The Fannie Mae Home Purchase Sentiment Index rose in January to a new all-time high. More people say that now is a good time to buy and a good time to sell, home prices should rise and mortgage rates fall, and job loss is not a concern.
The National Association of Realtors latest Housing Opportunities and Market Experience survey reports, 72% of respondents think now is a good time to buy and 71% think now is a good time to sell, "good news for possible gains heading into 2018."
The NAR's chief economist feels, "housing demand in 2018 will be fueled by more Millennial's finally deciding to marry and have kids, and, the expectations that solid job growth and the strengthening economy will push incomes higher." That's pretty good.
Review of Last Week
If you like wild rides, you would have loved the one investors took last week. The Dow fell steeply (1,000 points) on two different days, then climbed back up Tuesday and Friday, though not enough to keep the major indexes positive for the year.
We heard lots of talk that the stock drop was caused by fears of higher inflation and more short-term rate hikes from the Fed, which is okay, but those concerns come from the expectation of stronger economic growth, which ultimately is good for stocks.
Many experts called this a "correction" after stocks shot up 7.5% the first four weeks of 2018 following last year's 19.4% surge. They say there's little concern for housing or the economy, with more Americans working than ever, the highest inflation-adjusted wages, and near historically low interest rates.
The week ended with the Dow down 5.2%, to 24191; the S&P 500 also down 5.2%, to 2620; and the Nasdaq down 5.1%, to 6874.
Bonds were kept in check by concerns over more federal spending. The 30YR FNMA 4.0% bond we watch fell .28, to $102.55. National average 30-year fixed mortgage rates hit their highest level since December 2016 in Freddie Mac's latest Primary Mortgage Market Survey, but, "initial readings indicate housing markets are sustaining their momentum so far."
This Week's Forecast
Returning to a feast of economic data, we should see a tasty Housing Starts number, up for January. Not so tasty is the predicted move up for inflation measured by the Consumer Price Index (CPI). Retail Sales, along with Philadelphia Fed Index manufacturing, are expected to keep cooking, just at a slightly slower pace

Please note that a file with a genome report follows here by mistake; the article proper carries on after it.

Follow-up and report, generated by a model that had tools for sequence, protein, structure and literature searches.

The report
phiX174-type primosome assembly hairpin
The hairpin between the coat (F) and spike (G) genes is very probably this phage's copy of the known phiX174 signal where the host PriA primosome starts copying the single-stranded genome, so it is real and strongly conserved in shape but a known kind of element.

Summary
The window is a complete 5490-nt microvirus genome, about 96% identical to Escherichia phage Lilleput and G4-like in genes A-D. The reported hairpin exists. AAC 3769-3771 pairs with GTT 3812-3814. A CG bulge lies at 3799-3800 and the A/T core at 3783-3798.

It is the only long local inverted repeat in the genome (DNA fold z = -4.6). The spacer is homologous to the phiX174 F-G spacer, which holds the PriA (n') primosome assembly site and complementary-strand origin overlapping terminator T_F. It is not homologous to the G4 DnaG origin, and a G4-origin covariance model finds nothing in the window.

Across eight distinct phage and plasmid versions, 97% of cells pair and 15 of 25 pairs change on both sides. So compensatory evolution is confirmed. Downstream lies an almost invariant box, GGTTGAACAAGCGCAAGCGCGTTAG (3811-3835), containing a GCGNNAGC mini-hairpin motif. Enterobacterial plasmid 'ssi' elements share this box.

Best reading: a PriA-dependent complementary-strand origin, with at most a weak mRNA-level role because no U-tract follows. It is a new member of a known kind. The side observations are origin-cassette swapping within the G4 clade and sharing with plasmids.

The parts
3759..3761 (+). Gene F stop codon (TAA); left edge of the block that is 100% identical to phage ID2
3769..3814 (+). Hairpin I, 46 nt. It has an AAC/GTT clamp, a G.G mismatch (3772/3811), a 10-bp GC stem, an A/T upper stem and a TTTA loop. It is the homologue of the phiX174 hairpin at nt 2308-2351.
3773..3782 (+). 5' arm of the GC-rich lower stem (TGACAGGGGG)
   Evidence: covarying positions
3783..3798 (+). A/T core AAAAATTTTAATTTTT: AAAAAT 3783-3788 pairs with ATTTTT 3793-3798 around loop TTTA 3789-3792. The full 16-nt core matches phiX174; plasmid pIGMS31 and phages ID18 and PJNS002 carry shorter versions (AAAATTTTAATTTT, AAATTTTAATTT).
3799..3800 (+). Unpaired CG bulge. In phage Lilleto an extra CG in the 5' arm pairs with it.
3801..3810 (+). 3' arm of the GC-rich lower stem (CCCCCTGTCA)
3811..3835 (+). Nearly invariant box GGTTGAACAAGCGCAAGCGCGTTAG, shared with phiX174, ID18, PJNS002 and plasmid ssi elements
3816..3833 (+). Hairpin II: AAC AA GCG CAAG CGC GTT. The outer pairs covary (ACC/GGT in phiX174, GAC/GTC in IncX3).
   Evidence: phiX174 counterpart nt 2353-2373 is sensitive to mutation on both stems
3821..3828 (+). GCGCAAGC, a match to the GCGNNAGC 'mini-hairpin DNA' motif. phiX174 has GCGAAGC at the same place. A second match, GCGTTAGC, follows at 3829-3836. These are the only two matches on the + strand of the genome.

The Week's Economic Indicator Calendar
Weaker than expected economic data tends to send bond prices up and interest rates down, while positive data points to lower bond prices and rising loan rates.
Economic Calendar for the Week of February 12th through February 16th
Feb 12 14:00 Treasury Budget
Feb 14 08:30 Consumer Price Index (CPI)
Feb 14 08:30 Core CPI
Feb 14 08:30 Retail Sales
Feb 14 08:30 Retail Sales ex-auto
Feb 14 10:00 Business Inventories
Feb 14 10:30 Crude Inventories
Feb 15 08:30 Initial Unemployment Claims
Feb 15 08:30 Continuing Unemployment Claims
Feb 15 08:30 Producer Price Index (PPI)
Feb 15 08:30 Core PPI
Feb 15 08:30 NY Empire Manufacturing Index
Feb 15 08:30 Philadelphia Fed Index
Feb 15 09:15 Industrial Production
Feb 15 09:15 Capacity Utilization
Feb 16 08:30 Housing Starts
Feb 16 08:30 Building Permits
Feb 16 10:00 U. of Michigan Consumer Sentiment - Prelim
Federal Reserve Watch
Speculative Forecasting Federal Reserve policy changes in coming months:
Some say recent stock market volatility could restrain the Fed, but, the futures market still sees a quarter percent rate hike in March, and another in June.
Note: In the lower chart, a 72% probability of change is a 72% certainty the rate will move.
Current Fed Funds Rate: 1.25%-1.50%
After FOMC meeting on:
Mar 21 1.50%-1.75%
May 2 1.50%-1.75%
Jun 13 1.75%-2.00%
Probability of change from current policy:
After FOMC meeting on:
Mar 21 72%
May 2 31%
Jun 13 58%
Where are interest rates headed?
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